13.4 Chemical Sunset: Tyndall Effect
Subjects: Solutions, colloids, interactions of light and matter, scattering, precipitation reactions, sulfur chemistry
Description: Two solutions are mixed together producing colloidal sulfur. White light is passed through the solution and projected onto a screen. Shorter wavelengths of light are scattered making the solution appear bluish, while longer wavelengths pass through the solution creating a “sunset” effect that appears on the screen.
Overhead transparency projector* (works best). Doc cam, flashlight.
600 mL beaker
Cardboard with hole
Glass stir rod
Disposable plastic pipets
0.1 M (2%) Sodium Thiosulfate (~400 mL)
1 M Hydrochloric Acid (~20 mL)
*ISB does not have the old-fashioned transparency projectors. One can be borrowed from LGRT.
Note: The scattering of white light can also be demonstrated with a dilute solution of milk or creamer.
- Place the cardboard with hole on top of the overhead projector or doc cam.
- Turn on the light. Move and focus the projector to produce a focused bright spot on the screen or section of wall.
- Place the beaker over the hole.
- Add the thiosulfate solution to the beaker. Ask the students to make any observations about the solution.
- Add the HCl and stir.
- Observe the precipitation of sulfur and the corresponding color changes.
In this demonstration, colloidal sulfur is generated by the reaction of sodium thiosulfate and hydrochloric acid in a two- step process involving first the formation of thiosulfuric acid followed by its decomposition to sulfurous acid and colloidal sulfur(3).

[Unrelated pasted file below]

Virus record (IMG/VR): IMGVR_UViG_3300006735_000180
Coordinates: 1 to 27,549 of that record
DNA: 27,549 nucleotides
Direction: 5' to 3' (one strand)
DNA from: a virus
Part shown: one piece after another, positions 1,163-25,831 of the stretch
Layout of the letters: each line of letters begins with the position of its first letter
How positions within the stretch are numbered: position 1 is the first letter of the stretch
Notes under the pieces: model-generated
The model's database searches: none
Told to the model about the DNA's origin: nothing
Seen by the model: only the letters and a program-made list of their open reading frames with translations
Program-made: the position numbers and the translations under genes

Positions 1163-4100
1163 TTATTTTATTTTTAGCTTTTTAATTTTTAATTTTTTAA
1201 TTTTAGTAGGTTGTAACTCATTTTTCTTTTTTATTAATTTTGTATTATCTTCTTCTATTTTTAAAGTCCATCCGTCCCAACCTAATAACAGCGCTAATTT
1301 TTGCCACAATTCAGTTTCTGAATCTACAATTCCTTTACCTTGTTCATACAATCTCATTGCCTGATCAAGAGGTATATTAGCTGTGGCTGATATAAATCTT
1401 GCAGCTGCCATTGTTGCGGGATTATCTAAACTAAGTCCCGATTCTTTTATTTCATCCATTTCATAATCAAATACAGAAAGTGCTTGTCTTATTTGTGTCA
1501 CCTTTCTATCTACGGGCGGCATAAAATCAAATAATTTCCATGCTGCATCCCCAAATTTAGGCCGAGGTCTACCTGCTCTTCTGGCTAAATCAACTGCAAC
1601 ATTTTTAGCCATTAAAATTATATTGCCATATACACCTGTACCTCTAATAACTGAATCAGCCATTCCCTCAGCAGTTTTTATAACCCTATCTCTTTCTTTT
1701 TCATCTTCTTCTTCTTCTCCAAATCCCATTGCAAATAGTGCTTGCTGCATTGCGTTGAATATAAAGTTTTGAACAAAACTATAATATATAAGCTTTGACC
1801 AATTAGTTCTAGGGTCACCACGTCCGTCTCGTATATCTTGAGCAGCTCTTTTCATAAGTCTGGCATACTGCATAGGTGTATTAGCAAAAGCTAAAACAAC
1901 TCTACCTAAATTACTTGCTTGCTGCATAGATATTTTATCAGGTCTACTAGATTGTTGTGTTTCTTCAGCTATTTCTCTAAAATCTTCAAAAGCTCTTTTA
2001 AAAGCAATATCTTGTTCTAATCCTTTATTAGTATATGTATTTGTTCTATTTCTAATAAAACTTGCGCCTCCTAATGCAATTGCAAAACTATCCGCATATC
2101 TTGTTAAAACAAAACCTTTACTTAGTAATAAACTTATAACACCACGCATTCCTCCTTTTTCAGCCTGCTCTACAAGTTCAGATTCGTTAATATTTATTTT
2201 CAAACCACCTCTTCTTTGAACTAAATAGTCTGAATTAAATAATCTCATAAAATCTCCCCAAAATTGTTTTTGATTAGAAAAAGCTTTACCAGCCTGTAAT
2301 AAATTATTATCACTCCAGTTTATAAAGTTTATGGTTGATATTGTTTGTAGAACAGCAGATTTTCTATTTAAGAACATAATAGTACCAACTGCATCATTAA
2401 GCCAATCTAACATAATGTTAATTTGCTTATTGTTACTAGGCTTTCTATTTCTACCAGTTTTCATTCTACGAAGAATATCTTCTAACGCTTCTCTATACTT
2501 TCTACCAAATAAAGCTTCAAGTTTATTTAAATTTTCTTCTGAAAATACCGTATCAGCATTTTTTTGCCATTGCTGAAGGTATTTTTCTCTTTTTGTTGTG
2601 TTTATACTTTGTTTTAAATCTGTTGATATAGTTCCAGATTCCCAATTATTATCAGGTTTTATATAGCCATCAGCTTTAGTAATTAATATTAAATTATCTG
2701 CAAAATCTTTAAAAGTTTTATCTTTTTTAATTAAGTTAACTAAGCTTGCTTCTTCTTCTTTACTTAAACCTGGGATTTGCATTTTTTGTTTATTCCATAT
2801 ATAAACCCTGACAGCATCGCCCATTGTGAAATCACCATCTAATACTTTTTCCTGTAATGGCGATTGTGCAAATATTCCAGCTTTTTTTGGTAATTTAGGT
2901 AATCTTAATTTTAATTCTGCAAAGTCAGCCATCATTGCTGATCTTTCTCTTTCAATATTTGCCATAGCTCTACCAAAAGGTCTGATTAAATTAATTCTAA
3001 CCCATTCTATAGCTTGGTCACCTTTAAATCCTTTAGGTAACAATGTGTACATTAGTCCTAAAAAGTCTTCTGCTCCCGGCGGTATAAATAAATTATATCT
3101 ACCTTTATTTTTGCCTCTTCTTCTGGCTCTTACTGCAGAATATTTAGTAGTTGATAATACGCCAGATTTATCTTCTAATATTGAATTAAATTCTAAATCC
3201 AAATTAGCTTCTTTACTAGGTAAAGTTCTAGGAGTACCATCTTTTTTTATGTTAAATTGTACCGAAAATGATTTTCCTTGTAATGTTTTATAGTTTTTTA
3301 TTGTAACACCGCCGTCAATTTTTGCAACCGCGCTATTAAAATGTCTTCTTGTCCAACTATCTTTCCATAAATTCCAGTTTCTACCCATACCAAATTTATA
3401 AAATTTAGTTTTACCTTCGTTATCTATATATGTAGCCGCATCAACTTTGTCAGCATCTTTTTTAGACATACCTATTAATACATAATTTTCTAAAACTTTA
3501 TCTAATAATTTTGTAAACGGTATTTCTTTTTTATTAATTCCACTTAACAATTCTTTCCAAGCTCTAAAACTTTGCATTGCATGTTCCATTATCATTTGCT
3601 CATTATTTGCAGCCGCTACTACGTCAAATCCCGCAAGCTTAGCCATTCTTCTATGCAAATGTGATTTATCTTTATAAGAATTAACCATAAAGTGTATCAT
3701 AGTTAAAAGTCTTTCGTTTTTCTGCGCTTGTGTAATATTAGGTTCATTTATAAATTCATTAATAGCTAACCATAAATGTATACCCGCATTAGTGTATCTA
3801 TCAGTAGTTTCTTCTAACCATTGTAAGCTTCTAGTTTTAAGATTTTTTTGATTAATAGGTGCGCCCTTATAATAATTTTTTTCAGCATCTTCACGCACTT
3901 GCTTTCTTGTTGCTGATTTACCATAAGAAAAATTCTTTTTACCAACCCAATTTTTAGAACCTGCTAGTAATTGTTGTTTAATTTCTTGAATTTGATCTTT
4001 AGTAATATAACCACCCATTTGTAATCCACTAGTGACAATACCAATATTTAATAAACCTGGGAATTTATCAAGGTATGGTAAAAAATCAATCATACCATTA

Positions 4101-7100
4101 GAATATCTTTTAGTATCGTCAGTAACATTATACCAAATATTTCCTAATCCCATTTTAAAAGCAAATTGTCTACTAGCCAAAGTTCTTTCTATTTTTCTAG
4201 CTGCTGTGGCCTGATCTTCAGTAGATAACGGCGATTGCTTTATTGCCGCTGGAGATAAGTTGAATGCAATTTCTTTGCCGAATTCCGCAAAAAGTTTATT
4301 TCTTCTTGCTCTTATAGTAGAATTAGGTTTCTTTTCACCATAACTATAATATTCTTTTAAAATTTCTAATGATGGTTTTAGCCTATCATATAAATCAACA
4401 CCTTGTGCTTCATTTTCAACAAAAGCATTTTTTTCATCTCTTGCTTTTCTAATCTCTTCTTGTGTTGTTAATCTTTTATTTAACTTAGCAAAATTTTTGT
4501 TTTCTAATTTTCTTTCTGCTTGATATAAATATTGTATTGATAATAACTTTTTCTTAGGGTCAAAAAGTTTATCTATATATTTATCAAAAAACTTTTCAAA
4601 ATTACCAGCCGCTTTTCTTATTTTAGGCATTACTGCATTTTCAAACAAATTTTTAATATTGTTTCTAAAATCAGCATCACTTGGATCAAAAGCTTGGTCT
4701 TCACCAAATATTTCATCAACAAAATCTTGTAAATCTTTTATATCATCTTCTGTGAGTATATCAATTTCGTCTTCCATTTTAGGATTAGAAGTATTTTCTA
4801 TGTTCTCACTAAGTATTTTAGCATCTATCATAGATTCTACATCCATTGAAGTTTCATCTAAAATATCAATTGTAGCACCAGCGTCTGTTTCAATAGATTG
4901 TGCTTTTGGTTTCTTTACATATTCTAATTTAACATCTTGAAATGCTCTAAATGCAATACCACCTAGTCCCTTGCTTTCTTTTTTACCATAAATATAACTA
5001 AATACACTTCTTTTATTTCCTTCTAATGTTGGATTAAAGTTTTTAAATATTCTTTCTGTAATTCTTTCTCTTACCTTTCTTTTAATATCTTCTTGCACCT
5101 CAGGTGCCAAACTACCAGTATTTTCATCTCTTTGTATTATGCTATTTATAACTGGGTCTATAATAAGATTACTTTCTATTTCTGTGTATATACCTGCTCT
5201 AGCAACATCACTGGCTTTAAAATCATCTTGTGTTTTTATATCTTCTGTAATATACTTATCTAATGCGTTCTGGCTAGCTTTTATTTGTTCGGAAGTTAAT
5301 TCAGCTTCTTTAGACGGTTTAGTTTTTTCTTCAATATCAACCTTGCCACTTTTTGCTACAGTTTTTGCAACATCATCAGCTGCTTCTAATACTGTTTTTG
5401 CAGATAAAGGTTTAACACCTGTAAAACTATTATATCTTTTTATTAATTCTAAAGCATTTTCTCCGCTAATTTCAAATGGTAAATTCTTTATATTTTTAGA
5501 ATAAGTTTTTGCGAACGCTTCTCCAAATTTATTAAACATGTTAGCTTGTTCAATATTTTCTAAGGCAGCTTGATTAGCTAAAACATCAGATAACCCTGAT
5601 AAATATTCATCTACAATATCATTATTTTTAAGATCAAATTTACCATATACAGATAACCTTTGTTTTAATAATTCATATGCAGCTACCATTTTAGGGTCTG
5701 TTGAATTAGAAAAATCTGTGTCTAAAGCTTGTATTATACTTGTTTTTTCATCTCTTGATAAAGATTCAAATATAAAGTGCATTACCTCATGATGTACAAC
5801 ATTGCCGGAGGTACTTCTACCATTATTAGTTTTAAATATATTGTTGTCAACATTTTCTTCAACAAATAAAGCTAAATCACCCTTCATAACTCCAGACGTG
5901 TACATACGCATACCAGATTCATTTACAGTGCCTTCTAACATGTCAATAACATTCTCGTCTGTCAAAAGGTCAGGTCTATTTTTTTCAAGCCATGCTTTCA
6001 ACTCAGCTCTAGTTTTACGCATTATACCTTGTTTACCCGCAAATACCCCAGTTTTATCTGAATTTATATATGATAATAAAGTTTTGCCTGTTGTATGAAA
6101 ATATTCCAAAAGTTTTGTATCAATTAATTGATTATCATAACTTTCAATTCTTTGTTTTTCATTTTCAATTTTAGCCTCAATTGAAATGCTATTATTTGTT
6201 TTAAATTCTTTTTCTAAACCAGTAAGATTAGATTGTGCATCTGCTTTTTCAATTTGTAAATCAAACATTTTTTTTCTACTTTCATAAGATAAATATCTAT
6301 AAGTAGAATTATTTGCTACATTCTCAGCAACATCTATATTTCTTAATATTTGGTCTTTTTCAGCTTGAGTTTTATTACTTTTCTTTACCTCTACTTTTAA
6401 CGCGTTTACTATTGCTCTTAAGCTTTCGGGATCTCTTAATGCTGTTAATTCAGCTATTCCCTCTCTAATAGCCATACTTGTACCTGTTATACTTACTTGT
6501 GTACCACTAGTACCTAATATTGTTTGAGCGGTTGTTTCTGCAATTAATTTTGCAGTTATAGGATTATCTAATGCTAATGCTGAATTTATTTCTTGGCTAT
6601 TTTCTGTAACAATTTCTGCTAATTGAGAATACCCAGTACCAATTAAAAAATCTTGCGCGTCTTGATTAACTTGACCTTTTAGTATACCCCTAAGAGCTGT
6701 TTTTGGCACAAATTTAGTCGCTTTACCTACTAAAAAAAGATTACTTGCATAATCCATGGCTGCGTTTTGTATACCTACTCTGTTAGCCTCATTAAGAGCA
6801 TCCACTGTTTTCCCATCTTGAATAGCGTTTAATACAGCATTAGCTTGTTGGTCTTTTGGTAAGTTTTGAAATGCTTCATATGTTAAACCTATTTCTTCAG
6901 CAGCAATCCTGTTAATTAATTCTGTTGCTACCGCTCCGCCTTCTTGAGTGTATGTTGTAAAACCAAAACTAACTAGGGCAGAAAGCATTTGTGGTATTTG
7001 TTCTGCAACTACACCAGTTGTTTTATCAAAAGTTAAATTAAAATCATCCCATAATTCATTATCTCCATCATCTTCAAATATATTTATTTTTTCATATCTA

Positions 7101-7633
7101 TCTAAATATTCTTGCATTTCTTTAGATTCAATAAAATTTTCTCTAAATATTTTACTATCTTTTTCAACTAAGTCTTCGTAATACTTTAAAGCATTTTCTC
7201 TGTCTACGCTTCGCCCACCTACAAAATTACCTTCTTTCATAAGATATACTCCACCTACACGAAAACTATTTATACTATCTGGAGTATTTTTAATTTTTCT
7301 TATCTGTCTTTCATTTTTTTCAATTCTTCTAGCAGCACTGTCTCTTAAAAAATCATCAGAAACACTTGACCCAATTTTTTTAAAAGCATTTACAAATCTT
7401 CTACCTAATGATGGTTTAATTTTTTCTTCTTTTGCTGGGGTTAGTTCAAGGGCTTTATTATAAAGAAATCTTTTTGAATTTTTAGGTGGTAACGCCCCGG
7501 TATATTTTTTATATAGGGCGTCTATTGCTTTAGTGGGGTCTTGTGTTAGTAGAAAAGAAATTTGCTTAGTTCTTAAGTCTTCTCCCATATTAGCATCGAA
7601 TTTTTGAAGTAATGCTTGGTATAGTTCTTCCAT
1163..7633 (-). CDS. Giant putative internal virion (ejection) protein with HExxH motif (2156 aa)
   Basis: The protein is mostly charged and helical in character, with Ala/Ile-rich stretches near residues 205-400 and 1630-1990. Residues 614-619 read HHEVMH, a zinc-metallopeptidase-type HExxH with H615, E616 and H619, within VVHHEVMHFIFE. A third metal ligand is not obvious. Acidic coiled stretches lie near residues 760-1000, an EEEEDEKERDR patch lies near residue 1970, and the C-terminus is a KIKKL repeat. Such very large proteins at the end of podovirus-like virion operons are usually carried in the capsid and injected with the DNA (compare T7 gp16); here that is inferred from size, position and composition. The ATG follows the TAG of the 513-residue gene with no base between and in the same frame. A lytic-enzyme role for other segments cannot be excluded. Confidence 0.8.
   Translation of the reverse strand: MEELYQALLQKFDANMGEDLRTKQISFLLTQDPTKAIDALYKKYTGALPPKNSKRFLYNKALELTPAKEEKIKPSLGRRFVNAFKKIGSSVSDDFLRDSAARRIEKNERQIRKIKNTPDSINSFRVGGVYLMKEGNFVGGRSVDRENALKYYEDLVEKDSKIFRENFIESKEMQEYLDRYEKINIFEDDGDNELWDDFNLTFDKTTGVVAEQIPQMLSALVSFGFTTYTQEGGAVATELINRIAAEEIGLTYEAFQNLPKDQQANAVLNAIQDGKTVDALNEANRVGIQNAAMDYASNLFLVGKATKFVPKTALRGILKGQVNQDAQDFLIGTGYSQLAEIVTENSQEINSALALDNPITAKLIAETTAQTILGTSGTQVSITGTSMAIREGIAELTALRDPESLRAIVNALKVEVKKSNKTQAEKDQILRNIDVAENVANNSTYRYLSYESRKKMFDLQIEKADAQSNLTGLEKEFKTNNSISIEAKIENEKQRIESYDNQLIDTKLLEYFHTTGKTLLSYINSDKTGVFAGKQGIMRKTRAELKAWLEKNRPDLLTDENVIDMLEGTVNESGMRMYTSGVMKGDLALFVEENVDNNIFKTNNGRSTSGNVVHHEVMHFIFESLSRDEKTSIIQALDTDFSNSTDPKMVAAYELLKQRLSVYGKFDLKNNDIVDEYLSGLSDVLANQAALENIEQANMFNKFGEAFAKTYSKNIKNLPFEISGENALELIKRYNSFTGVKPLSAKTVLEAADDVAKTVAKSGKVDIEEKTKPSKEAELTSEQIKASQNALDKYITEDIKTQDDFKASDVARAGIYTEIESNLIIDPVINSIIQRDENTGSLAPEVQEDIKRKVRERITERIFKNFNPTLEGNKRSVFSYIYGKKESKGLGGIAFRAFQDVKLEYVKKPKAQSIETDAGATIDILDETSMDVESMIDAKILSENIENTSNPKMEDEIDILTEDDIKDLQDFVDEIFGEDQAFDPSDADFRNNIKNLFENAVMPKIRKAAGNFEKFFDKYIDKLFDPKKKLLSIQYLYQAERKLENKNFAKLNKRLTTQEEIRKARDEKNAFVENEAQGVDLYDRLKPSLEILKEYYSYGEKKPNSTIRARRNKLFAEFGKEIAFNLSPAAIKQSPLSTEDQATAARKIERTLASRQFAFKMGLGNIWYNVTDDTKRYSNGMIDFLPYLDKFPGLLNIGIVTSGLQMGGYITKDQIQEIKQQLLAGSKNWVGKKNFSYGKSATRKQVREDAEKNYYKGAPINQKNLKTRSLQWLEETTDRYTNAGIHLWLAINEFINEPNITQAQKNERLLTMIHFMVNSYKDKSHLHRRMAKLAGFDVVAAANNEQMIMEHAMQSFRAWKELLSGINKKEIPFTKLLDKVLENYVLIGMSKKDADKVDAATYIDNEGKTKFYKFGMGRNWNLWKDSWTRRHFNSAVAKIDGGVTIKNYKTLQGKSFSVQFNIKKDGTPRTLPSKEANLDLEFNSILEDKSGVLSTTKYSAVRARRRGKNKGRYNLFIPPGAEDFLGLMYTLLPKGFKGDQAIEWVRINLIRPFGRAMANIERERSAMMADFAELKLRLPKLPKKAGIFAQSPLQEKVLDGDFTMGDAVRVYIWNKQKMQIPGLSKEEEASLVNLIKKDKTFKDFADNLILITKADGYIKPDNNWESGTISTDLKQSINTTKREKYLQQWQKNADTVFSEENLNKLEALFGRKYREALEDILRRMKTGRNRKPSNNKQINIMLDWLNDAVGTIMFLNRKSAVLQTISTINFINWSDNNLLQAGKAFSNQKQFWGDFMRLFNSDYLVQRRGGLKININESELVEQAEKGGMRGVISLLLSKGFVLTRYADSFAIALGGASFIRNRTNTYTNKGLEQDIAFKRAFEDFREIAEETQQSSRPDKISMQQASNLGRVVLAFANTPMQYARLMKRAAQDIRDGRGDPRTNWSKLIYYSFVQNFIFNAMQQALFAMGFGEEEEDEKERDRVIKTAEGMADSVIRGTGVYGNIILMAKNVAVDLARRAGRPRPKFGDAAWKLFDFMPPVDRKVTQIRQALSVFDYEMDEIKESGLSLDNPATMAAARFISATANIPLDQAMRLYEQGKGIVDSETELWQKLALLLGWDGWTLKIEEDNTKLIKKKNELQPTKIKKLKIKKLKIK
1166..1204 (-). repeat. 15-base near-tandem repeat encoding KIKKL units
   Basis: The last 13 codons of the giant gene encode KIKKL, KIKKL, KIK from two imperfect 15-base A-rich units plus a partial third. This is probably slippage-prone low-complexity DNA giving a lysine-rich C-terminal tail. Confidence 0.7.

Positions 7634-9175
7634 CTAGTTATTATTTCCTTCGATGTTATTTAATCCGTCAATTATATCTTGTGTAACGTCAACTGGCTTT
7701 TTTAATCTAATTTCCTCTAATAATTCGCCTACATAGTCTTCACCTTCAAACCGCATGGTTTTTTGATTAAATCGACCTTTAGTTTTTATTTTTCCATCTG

2 H+ (aq) + S2O32- (aq) --> H2S2O3 (aq)
H2S2O3 (aq) --> H2SO3 (aq) + colloidal sulfur
Colloidal suspensions scatter white light strongly. Shorter wavelengths are scattered more while longer wavelengths (reds and oranges) are transmitted. Scattering is when a molecule absorbs a photon of light, exciting an electron into a higher energy state. When the electron returns to a lower energy state, the molecule emits a photon in a random direction. This randomness produces the scattering known as the Tyndall effect. As the sulfur precipitates the higher energy light from the projector will be scattered, making the solution look blue. Red and orange light transmitted through the solution will be projected onto the screen.
The colors observed during a natural sunset and sunrise are a result of the same principle. As the sun sets or rises, and is low on the horizon, the light from the sun must travel a much longer distance through the atmosphere (similar to the colloidal suspension in this reaction) than during midday. Much more of the blue light is scattered, but the red and orange light is transmitted through to our eye, so that we see the sky look orange and red.
Use proper personal protective equipment including safety glasses and gloves.
Neutralize the solution and dispose of waste in the aqueous waste container in ISB 118.
1. Shakashiri, B.Z. Chemical Demonstrations: A Handbook for Teachers of Chemistry, The University of Wisconsin Press, 1989, Vol 3, p. 353-357
2. Shakashiri, B.Z. Chemical Demonstrations: A Handbook for Teachers of Chemistry, The University of Wisconsin Press, 2011, Vol 5, p. 160-162 (non-chemical version)
3. NCSU Chemistry Demonstration page